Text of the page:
Many of my friends as we have aged have children, mortgages and the likes, I chose to further my education by doing both undergrad and postgrad in my later years. I also decide to be more responsible by letting go of some of my younger ways, at least to some extent.

Today we celebrate Republic Day. Simply put it means the Queen of England is no longer Head of State. We went through the Governor General state that many Commonwealth nations are still in, including some of our regional neighbours and partners and we went a step further by becoming a republic with the role of the President being established and accepted as a replacement for the Crown. We celebrate this annually on September 24th.

I wake up today, though, and being the troubled soul that I am I say that we cant be totally Republican until we let go of the Privy Council. Forgive my bad manners as I bluntly ask can we truly say we are a Republican state when our highest court of appeal is still based in London? I am always wary of being the cockroach in fowl party, lest I run afoul of the ruling party, and I’m sure there may be legal and other justifications that allow us to celebrate the cutting of ties with Mother England but the fact is that we haven’t, not entirely.

The Caribbean Court of Justice is proudly headquartered right here in The Republic of Trinidad and Tobago yet we don’t take it on. This is laugh out loud funny and dead serious at the same time. The other joke is that we want to make as if yeah, we have much to celebrate on this day.

The rejection of the CCJ in argument is based on us being a small state and the challenges of maintaining fairness in such a judicial environment. I mean maybe with due reason after a Judge walked away from the bench one day and found himself on the back bench of Parliament some time later. Yes, maybe it is true that justice is hard to find when politicians and judges often find themselves sharing alma maters and hors d’oeuvres. That’s real and must be considered but it speaks to a mistrust of each other.

As I age it is less the responsibilities of civil arrangements that occupy my mind and its because I first have to know myself and I also have to trust myself, it’s just the responsible thing for me to do.  Happy Republic Day!

Thursday, September 12, 2013

This is not a fete

I am in a strange place. No I am not sitting in a jail cell or riding a taxi through a new city but it remains true that I am in a strange place. I am in the mental equivalent of a geopolitical no man’s land, or even like being a refugee or someone granted asylum at an embassy having been exiled from my home for crimes unintended.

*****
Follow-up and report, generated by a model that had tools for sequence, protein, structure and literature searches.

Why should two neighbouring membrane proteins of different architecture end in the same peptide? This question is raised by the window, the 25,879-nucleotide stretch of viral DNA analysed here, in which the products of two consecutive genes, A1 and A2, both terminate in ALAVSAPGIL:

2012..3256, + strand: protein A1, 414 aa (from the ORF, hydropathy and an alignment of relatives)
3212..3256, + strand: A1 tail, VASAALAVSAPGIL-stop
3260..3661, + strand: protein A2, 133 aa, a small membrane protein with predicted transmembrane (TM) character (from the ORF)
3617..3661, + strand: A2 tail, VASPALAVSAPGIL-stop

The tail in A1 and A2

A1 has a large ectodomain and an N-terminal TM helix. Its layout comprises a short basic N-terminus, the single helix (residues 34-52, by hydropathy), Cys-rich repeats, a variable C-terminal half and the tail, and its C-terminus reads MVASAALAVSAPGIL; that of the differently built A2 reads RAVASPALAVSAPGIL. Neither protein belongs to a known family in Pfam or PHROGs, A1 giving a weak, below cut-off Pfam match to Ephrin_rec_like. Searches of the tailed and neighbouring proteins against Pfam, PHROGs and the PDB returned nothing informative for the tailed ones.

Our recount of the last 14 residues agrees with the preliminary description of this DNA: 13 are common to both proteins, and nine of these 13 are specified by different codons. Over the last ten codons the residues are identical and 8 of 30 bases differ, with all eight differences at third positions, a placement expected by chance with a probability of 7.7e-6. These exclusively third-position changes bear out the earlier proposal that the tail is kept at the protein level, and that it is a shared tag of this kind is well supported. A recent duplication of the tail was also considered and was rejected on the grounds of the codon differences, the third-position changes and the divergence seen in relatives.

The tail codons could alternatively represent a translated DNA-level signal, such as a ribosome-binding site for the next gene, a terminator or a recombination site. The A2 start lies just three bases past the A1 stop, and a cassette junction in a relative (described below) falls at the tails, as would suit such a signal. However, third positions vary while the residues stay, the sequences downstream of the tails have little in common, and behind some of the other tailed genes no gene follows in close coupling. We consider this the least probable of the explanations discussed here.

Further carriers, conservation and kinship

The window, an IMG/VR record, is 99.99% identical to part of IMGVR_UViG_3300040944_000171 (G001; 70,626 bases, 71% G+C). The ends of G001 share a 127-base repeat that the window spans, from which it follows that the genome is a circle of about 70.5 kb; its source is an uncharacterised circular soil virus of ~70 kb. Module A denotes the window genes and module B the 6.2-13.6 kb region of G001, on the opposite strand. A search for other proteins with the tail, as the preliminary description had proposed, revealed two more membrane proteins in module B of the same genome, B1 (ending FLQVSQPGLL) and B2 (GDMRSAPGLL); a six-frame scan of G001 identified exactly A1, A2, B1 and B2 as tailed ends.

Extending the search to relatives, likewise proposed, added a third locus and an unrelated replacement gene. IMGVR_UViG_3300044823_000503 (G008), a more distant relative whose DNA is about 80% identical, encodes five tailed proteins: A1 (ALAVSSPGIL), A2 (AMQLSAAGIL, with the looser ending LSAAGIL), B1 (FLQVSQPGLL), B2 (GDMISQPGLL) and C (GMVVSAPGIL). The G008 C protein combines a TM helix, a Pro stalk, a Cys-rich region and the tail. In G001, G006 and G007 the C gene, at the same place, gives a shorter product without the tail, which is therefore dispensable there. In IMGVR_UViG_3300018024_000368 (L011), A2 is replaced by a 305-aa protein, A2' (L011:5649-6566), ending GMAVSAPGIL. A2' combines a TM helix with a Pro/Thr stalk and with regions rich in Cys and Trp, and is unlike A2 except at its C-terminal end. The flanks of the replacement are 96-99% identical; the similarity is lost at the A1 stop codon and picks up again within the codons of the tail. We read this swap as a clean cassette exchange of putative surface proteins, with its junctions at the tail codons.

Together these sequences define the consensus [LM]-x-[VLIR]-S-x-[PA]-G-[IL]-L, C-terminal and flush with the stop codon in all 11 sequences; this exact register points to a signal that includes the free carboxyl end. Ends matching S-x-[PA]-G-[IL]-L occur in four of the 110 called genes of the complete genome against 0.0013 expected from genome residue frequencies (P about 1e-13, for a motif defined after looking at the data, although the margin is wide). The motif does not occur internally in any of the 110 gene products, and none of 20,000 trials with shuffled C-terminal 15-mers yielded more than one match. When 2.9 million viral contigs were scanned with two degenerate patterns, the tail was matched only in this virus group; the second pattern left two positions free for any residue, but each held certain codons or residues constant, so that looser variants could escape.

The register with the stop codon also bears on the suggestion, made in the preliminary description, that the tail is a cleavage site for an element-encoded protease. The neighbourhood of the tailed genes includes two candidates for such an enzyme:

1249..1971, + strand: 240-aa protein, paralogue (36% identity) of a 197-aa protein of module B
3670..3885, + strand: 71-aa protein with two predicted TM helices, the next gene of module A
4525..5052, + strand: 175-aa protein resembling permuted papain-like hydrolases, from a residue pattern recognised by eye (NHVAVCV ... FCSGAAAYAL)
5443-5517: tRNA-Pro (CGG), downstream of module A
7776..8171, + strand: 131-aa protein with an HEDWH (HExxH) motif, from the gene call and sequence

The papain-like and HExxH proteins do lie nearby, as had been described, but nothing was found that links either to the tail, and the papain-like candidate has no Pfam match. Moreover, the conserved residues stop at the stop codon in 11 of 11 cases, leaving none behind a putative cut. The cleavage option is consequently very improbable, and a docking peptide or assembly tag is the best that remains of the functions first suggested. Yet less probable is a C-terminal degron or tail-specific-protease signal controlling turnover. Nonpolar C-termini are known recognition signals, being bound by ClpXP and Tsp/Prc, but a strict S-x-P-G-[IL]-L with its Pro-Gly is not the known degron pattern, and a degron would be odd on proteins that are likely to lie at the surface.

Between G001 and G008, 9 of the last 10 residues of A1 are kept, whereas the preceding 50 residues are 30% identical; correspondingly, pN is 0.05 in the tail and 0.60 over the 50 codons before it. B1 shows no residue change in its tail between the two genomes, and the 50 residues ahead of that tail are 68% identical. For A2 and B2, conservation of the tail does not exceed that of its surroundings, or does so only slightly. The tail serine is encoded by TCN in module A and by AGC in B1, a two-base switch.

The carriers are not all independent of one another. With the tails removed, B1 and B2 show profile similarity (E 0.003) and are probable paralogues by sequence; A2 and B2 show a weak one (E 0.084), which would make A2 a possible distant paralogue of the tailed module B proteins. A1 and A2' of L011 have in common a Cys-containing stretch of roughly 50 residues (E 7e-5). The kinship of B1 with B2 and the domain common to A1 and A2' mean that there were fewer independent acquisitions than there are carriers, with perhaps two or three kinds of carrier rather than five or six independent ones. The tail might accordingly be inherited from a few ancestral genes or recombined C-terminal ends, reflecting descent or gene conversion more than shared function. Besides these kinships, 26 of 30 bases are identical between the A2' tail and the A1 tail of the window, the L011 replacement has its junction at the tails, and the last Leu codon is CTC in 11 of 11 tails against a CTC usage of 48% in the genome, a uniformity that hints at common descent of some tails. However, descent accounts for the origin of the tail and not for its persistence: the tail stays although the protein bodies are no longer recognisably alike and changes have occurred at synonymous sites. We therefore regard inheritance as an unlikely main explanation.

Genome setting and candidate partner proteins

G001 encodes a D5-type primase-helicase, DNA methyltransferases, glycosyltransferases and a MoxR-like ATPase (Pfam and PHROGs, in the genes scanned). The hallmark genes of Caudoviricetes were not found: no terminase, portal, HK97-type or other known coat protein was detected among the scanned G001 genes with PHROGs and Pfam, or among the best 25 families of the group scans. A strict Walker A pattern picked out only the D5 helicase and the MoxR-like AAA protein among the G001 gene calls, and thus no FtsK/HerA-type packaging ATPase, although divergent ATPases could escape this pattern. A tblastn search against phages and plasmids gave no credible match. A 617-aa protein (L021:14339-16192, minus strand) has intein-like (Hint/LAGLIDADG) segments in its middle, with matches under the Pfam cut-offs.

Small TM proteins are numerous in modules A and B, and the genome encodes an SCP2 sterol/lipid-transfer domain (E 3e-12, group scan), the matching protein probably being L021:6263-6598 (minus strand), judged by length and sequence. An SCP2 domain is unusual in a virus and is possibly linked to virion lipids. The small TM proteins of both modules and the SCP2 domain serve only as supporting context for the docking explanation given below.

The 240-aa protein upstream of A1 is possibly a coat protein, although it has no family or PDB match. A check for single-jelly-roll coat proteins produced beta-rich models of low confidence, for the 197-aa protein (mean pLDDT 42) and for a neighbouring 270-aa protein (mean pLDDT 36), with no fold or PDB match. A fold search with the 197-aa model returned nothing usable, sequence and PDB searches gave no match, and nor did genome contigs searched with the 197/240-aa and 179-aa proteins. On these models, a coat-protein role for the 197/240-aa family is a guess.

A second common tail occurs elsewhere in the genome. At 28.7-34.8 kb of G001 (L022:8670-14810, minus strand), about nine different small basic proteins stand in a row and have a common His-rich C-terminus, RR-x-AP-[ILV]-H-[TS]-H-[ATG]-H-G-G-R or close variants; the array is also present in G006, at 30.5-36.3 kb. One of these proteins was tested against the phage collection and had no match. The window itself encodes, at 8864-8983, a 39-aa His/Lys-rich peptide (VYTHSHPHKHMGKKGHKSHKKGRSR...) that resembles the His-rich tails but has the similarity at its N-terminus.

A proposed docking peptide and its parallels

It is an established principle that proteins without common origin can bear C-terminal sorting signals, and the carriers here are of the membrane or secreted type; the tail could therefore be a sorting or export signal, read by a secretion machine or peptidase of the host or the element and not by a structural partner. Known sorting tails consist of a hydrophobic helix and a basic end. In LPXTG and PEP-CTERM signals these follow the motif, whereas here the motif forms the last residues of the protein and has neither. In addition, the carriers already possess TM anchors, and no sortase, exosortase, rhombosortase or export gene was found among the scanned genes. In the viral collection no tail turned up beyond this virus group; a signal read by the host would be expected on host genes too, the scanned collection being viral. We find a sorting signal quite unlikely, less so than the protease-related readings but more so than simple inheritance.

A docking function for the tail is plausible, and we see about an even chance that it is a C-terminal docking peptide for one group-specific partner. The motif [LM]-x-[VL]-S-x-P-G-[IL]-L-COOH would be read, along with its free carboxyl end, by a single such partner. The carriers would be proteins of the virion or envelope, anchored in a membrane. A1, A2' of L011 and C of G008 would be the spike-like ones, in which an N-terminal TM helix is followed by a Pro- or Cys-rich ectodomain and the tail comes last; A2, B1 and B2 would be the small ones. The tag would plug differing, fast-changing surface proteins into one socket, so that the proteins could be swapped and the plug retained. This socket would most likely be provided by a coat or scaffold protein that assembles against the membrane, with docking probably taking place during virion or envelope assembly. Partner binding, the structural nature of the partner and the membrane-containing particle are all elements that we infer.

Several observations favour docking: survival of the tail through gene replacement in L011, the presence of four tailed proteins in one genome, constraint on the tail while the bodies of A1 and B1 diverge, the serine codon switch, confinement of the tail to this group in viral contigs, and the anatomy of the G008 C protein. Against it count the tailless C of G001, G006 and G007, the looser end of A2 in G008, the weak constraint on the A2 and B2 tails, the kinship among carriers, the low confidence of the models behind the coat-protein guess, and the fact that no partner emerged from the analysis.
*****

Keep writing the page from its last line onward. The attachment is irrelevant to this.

I don’t want to lay blame anywhere and there is no one to blame. It’s a mental space that I am in and it feels strange. Viola Davis writes in her 1983 thesis cum publication The Creative Use Of Schizophrenia In Caribbean Writing: Caribbean writing might be viewed as the way in which writers deal with their experience of the Caribbean world. The writers themselves were compromisers in the society; they quite often shared the assumptions of the society. Thus some Caribbean writers have been ambivalent about their status. On the one hand their experience of themselves as educated, cultured and sensitive West Indians, contradicted the assumptions of the societies they themselves shared – a society of people of inferior status as colonials and descendants of African slave or indentured labor.

Davis’ text looks at how schizophrenia manifests in the writing of some of the regions best writers: Derek Walcott, VS Naipaul, Wilson Harris and Kamau Brathwaithe. She uses a definition of schizophrenia as posited by psychiatrist R.D. Laing: Laing she says “believes that the schizophrenic must be seen in relation to his social context, he felt that the schizophrenic was reacting to the conflicts and stresses in his society, and had to adopt special strategies to live in what he perceived as an unlivable situation.” Her assumption is that the writers she covers are schizophrenic without providing any clinical support for that while analyzing their work from this assumption.

She, however, admits that it was Walcott’s statement on the condition that inspired her thesis. He is quoted as saying “…the only way (for the West Indian writer) to recreate this language was to share in the tortures of the articulation. This did not mean the jettisoning of ‘culture’ but, by the writer’s making creative use of his schizophrenia, an electric fusion of the old and the new.”

In a 2012 contribution to the UWIToday publication Professor Gerard Hutchinson writes, “A mental health problem is no longer labeled as madness and no longer defines the person who experiences it. In fact, it defines all of us. It is an inevitable function and consequence of life. As an experience, it enriches the world because it forces everyone to seek a greater understanding of themselves.”

If we look at things like skin bleaching for example its easy to fault those who do it as hating their black selves but it is the society that has long shown preference to lighter skin. News anchors, models and actors have long been the face of the world and have historically been lighter so can we say that bleachers are alone in the belief that being lighter is a preferred way to be? It doesn’t end there; it can be extended to persons seeking larger breasts and lips too.  I agree with the professor when he says, “A world without prejudice, mindless discrimination and feelings of superiority is fundamental for the development of the mind. Development that would be open and even, mindful and joyful. Development that would truly embody the best of being human.”